Action Tips: Teach Food Safety

Frying pan
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Holidays, special events, and school functions are all times when you and your friends will want to serve food. Make sure everyone is careful by teaching them how to properly prepare food to prevent foodborne illness outbreaks.

Wash your hands

  • Clean them for twenty seconds with soap and warm water before and after handling food.
  • Dry your hands and turn off the faucet with a fresh paper towel.

Place inanimate objects elsewhere

  • Bags and books are germy, so keep them off of the counters and tables. Instead, place them on the floor.

Keep meats separate

  • Don't let your meat touch foods that won't be cooked, such as vegetables and grains. Plus, it's considerate for the vegetarians.
  • When defrosting your meat, put it on the lowest shelf in your refrigerator to avoid any possible leakage.
  • After meat is cooked, use a different plate to place it on.
  • Clean any work surface that has been in contact with raw meat. Hot soap and water will do.

Know how to work your knife

  • Keep your knives sharp. Working with a dull blade will force you to work with vigor, which will lead to more accidents.
  • Point your knife away from your body when cutting.
  • Don’t put your knives in the sink with the rest of your cutlery. Instead, wash them separately.

Use a food thermometer

  • If you properly cook your food through, you can kill potentially harmful bacteria and viruses. Eyeballing your food just won’t do.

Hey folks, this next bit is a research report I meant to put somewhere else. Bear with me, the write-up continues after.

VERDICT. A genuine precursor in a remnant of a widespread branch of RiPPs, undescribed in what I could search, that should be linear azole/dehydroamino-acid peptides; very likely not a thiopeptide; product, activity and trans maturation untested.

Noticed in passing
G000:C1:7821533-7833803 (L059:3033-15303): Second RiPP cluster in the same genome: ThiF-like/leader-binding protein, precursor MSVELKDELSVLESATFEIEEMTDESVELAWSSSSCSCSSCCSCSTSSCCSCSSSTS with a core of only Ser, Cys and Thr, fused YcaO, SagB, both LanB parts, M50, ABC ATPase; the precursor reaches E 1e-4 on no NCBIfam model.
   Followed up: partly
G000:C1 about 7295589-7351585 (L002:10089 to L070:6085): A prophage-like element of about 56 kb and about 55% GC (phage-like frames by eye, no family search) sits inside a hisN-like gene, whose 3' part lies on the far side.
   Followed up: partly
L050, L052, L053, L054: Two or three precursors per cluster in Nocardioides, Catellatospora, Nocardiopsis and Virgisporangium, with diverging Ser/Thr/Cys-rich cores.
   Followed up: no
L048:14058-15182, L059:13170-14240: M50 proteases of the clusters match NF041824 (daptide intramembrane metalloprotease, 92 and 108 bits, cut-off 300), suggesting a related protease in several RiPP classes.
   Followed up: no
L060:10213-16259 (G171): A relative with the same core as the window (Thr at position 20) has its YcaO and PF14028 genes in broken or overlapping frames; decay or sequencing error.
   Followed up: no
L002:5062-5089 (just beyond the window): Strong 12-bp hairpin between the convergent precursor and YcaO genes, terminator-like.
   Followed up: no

• Choose a reader that will do the job. A digital thermometer is good for thin foods, while thicker cuts are better off with the large-dial reader.
  • Most meats are done when they hit at least 160 degrees Fahrenheit.

Don’t set the house on fire

  • When the fire is aflame, do not leave the stove unattended. Something could happen if you step away for a while.
  • Keep anything that can catch fire away from the stove.
  • To prevent any clothing from catch fire, wear close-fitting attire with short or rolled-up sleeves.
  • Chill leftovers

    • Place leftovers in leak-free containers, like Tupperware.
    • Store them within two hours at 40 degrees Fahrenheit or below. If food is left out longer than that, bacteria can grow. It would be best to discard it.
    • Foods that need to stay cold are:
      • Sandwiches or salads containing meat
      • Fish
      • Eggs
      • Milk products
      • Peeled or cut fruits and vegetables
    • If you’re not going to immediately re-eat your food, freeze them. Many foods can be good for at least a month or two if frozen.